The suffering and destruction and death that two nuclear bombs wrought in Hiroshima and Nagasaki are not mere history to be noted on a day or two in August, and then moved on from. Every one of the 3,800 or so nuclear weapons the United States government retains ready to be unleashed on its citizenry’s behalf contains condensed and poised within it the beginnings of countless more stories like that of Sachiko Yasui. (And when a strong case can be made that the way nuclear weapons were used against Hiroshima and Nagasaki would be a war crime today, the facts of 75 years ago remain a relevant policy question for current weapons and plans.)
The awful stories that started on those two days in August 75 years ago continue to demand a major reconsideration of these terrible weapons.
Congress and the executive branch, and the Americans who vote for them, face substantial, even trillion dollar decisions over how to proceed with America’s nuclear weapons arsenal. It is long overdue for members of Congress to start talking plainly about what nuclear weapons do and precisely what benefits they think those terrible effects supposedly offer.
Putting the effects of nuclear weapons at the center of these policy debates would reveal that those who perpetually argue in support of this new warhead or that new delivery system and who challenge each new international agreement to constrain nuclear weapons are essentially saying that the only way to secure the innocence, freedom, and safety I seek for my children is to perpetually threaten some other parent’s child with the traumas of Hiroshima and Nagasaki.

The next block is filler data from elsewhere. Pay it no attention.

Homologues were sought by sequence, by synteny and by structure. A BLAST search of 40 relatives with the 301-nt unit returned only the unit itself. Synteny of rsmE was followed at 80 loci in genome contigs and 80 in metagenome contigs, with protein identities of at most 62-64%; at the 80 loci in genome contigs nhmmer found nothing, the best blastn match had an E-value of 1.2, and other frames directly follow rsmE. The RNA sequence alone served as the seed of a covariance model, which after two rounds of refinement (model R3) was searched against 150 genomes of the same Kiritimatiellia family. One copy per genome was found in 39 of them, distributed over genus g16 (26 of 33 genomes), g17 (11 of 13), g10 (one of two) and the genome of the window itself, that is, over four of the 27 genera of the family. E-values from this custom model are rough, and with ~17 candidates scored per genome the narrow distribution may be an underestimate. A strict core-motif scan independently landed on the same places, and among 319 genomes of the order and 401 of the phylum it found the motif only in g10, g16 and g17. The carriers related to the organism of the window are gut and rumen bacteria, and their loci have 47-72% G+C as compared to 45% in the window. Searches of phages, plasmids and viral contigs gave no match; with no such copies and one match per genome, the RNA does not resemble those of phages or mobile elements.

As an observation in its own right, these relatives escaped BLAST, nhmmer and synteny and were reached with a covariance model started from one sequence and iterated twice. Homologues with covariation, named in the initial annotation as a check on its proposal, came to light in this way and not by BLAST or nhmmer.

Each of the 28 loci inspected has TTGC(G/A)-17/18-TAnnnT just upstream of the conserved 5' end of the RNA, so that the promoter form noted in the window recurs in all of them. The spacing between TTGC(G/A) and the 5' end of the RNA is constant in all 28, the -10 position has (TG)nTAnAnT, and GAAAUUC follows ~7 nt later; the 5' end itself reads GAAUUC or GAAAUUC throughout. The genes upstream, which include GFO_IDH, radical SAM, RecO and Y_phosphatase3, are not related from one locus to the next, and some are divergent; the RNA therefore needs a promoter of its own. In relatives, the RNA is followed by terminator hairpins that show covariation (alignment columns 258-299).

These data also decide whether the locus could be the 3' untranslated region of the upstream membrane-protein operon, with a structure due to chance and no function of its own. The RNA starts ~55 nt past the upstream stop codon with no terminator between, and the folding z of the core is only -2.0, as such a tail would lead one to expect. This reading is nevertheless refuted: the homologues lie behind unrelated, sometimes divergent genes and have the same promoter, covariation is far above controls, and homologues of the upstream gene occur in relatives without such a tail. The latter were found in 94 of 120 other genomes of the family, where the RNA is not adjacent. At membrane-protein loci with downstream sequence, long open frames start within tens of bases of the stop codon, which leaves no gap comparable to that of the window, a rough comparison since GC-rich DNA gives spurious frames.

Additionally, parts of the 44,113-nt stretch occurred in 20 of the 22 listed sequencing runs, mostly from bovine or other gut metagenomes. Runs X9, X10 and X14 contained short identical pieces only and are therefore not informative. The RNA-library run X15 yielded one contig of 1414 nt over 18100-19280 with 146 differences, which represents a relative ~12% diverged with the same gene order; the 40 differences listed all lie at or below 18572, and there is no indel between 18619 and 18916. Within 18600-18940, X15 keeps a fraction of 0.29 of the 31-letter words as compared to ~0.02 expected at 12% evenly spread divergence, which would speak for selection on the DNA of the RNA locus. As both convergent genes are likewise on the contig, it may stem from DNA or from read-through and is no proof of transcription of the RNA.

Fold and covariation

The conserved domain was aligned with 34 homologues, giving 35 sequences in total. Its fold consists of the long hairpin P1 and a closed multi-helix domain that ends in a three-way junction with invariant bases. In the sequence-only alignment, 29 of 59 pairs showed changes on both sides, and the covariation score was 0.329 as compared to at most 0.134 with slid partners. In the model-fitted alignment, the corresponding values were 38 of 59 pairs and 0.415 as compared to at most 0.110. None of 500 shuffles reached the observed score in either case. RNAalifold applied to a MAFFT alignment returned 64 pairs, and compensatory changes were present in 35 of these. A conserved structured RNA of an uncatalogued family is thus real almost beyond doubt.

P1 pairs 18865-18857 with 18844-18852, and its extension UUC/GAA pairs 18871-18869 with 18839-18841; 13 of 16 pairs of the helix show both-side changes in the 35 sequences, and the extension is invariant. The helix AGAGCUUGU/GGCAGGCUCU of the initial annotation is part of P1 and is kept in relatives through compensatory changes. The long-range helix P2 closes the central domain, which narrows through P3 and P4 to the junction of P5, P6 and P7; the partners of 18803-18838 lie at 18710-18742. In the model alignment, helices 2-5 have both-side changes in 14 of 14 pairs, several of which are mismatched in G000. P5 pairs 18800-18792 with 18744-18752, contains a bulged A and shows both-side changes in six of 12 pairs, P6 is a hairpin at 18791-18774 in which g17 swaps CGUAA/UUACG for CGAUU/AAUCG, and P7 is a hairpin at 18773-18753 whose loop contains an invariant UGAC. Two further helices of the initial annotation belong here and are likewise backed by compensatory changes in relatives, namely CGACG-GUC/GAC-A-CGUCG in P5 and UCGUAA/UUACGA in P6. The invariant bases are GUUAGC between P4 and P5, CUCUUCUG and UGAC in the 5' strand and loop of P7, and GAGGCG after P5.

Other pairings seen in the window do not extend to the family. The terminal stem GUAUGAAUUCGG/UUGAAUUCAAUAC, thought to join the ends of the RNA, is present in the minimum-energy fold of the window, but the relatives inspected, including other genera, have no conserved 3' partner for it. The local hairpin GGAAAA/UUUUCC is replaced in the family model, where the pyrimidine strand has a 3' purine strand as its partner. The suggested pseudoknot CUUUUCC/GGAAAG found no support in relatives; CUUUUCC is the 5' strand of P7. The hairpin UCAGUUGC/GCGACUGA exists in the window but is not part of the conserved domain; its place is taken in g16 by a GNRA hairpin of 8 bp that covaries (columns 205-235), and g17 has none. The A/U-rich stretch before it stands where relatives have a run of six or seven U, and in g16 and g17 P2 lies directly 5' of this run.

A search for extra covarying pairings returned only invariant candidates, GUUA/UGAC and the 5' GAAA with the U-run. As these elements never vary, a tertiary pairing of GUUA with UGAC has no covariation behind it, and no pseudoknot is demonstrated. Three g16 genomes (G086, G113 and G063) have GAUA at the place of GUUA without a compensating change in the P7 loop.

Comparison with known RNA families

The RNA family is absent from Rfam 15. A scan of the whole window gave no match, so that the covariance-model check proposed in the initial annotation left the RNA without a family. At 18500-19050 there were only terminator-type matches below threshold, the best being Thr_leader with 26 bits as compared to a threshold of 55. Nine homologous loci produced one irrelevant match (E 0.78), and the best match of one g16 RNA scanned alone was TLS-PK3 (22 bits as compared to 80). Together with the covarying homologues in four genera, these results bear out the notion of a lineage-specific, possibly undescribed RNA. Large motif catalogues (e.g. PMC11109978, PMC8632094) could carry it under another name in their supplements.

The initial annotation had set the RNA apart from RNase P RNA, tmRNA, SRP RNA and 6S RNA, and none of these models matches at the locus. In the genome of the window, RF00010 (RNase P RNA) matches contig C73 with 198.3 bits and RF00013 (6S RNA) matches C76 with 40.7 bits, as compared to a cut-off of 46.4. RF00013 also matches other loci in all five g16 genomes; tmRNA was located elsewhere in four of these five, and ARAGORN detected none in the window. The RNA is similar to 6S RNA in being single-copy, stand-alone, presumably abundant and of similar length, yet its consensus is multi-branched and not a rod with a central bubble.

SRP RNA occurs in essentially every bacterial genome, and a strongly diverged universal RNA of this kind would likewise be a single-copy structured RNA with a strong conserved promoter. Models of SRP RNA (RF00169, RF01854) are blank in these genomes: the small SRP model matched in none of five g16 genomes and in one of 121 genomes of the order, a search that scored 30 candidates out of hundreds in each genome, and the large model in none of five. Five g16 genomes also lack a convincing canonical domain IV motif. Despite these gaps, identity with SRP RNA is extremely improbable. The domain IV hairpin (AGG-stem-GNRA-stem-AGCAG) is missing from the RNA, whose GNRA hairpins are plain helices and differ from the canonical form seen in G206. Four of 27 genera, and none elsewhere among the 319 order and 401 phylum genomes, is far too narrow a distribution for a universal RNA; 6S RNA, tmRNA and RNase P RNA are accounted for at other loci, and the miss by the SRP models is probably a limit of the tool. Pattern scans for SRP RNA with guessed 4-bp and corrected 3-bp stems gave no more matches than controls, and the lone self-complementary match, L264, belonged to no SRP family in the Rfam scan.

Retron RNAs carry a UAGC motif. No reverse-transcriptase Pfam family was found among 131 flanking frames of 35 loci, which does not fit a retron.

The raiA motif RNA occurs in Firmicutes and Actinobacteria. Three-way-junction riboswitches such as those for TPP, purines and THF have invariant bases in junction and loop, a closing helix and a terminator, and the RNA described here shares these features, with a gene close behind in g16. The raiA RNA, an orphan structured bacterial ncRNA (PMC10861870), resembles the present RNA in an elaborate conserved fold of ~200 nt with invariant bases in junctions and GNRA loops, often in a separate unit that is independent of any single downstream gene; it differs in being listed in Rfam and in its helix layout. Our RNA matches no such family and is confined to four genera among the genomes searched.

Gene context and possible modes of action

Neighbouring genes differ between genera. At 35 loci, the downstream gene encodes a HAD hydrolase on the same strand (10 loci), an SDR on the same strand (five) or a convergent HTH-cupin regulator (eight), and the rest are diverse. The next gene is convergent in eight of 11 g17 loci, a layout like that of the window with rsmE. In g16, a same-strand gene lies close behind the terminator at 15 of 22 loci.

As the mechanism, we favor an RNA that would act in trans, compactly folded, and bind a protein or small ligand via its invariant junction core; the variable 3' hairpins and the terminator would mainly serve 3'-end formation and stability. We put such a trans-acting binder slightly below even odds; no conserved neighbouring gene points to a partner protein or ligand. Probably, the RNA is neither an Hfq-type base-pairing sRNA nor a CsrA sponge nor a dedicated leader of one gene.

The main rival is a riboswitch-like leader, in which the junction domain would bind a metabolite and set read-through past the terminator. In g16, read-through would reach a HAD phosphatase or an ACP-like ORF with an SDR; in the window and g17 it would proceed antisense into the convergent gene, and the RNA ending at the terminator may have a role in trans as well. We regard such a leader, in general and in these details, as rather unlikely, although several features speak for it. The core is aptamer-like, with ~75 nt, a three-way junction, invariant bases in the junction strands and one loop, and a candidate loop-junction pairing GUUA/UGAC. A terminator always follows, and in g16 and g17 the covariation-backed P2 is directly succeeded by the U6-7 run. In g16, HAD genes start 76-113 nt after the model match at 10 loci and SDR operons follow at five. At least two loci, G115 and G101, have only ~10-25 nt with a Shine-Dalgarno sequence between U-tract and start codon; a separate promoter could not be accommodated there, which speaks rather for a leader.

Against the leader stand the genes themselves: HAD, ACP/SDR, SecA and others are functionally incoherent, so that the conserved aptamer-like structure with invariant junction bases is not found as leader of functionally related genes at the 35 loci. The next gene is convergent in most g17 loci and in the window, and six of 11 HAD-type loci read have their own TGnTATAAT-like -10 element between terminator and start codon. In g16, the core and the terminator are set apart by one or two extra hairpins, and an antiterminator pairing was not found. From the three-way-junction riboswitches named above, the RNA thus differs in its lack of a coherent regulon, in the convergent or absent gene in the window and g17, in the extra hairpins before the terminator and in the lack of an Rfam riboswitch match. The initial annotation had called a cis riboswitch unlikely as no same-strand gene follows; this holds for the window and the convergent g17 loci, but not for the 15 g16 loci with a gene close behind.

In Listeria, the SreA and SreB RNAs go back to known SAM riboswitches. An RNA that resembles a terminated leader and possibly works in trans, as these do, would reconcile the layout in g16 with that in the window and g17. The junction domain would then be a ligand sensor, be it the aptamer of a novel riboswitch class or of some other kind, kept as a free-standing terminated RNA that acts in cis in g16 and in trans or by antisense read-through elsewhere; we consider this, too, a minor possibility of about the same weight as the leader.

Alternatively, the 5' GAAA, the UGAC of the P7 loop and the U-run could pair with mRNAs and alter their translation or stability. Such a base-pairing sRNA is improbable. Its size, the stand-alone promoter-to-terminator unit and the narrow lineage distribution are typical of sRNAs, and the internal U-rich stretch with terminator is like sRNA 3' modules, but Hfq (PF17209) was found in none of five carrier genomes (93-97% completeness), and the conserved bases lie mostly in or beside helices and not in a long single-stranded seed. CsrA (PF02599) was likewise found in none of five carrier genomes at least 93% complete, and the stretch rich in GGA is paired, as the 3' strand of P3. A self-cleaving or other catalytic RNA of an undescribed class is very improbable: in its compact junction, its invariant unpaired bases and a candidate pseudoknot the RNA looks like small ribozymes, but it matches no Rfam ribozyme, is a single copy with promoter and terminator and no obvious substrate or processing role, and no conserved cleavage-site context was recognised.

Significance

I refuse to accept such a fatalistic, depressing vision. There is simply no justification for pouring endless billions of dollars into all these proposed new nuclear weapons and delivery systems, nor for sustaining perpetually the numbers and capabilities we already have. All the awful stories that started on those two days in August 75 years ago continue to demand a major reconsideration of these terrible weapons and a major change in how we talk about them.
Surely six-year-olds past and present deserve nothing less.